After large profit margins were announced from SSE and British Gas, it may not come as a surprise to many that EDF have also seen their earning increase in the UK. But whereas SSE and British Gas seem to be profiting from margins on their gas and electricity prices, EDF's £1.69bn in revenue last year was driven mainly by the success of its 8 nuclear power stations up and down the country. Academics and energy experts have been emphasising nuclear's role in the UK's transition to a greener state, and while some companies are pulling out of the race (Npower are closing their power plants in the foreseeable future), others like EDF are investing heavily in the UK's future energy plans.
EDF are the company who unveiled the plans for a new nuclear station in Hinkley, Somerset last year, and they've just announced plans to extend the life of its power station in Kent until 2028. While Hinkley plans are certainly responsible for a large part of EDF's profit in 2013, it remains to be seen what their profits were in the domestic sector - these reports will be published in June of this year and will no doubt be under severe scrutiny with talk of monopoloy and 'dirty profits' in the air.
Despite the horrid reputation the Big Six energy companies have gotten after excessive price rises last year, many of EDF's 3.9 million households remained loyal to the company, after they increased their prices by 3.9% - lower than any of its rivals. They've also gained 600,000 customers in the past three years alone which certainly make them the lesser of six evils.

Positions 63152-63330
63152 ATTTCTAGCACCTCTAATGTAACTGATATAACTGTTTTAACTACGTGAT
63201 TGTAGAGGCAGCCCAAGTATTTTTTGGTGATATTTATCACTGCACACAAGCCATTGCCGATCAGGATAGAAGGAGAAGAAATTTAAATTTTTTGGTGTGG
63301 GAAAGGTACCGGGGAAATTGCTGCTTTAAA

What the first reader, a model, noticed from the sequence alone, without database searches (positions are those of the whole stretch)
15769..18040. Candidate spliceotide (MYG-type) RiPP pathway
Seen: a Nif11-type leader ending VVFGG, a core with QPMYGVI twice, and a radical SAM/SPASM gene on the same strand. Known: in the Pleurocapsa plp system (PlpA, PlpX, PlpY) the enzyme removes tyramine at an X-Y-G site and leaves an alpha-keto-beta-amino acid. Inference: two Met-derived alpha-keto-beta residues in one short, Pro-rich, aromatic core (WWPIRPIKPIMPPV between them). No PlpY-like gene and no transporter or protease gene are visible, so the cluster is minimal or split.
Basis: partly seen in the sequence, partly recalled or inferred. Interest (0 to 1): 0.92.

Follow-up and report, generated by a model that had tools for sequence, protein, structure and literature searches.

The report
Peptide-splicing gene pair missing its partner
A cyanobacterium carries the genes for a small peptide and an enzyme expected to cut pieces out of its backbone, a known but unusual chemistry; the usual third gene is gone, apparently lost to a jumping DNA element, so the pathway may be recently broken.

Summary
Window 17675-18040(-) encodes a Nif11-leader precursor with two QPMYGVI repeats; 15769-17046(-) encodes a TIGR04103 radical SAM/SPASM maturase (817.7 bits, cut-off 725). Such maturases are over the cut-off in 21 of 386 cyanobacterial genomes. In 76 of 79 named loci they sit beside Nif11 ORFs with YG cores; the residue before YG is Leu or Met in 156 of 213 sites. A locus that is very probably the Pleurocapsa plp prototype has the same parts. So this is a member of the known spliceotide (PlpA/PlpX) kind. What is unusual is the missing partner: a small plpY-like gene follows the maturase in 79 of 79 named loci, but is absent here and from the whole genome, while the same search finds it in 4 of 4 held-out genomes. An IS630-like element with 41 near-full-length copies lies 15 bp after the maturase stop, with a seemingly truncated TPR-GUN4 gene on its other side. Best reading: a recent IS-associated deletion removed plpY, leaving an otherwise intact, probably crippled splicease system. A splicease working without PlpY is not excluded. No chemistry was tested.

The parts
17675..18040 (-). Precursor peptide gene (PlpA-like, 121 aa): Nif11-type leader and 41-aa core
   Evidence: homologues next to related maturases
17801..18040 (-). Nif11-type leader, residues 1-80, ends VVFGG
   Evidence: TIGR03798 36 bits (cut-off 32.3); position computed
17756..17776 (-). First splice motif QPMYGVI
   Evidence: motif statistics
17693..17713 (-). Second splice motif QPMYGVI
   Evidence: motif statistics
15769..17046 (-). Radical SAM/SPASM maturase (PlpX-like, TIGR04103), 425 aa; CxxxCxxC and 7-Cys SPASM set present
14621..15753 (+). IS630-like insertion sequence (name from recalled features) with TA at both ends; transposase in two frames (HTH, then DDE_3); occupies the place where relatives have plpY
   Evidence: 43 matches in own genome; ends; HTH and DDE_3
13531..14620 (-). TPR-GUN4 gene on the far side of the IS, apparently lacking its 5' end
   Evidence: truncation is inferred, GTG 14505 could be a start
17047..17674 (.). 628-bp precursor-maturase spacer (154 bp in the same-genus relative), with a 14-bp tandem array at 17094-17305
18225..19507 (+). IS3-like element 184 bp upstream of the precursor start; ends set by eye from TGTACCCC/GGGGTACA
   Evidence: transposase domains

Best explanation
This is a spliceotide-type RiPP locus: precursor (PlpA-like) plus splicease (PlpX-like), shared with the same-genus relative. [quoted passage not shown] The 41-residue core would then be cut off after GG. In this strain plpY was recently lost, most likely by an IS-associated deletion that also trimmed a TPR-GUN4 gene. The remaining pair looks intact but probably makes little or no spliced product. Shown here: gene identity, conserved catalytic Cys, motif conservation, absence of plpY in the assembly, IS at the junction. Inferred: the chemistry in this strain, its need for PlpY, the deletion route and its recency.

EDF announced that they'd invested £1.1billion on existing power stations (both nuclear and coal), gas storage facilities and it's domestic consumer supply business. Their chief exective said, "Our financial performance means we can make the big investments the country needs to give it the reliable low carbon energy it needs now and in the future. It also means we can invest in jobs and skills for the long term." These comments will be music to the ears of many nuclear supporters who wonder why the Government is clinging so dearly to fracking plans.
Ofgem are expected to carry out indepth reports in the coming months on the UK energy market as a whole, and the Competitions Authority are also expected to uncover some truths. At the moment, British Gas and SSE are firmly in the cross hairs of Energy Minister Ed Davy, although some have argued that his (and the public's) focus is in the wrong place entirely.
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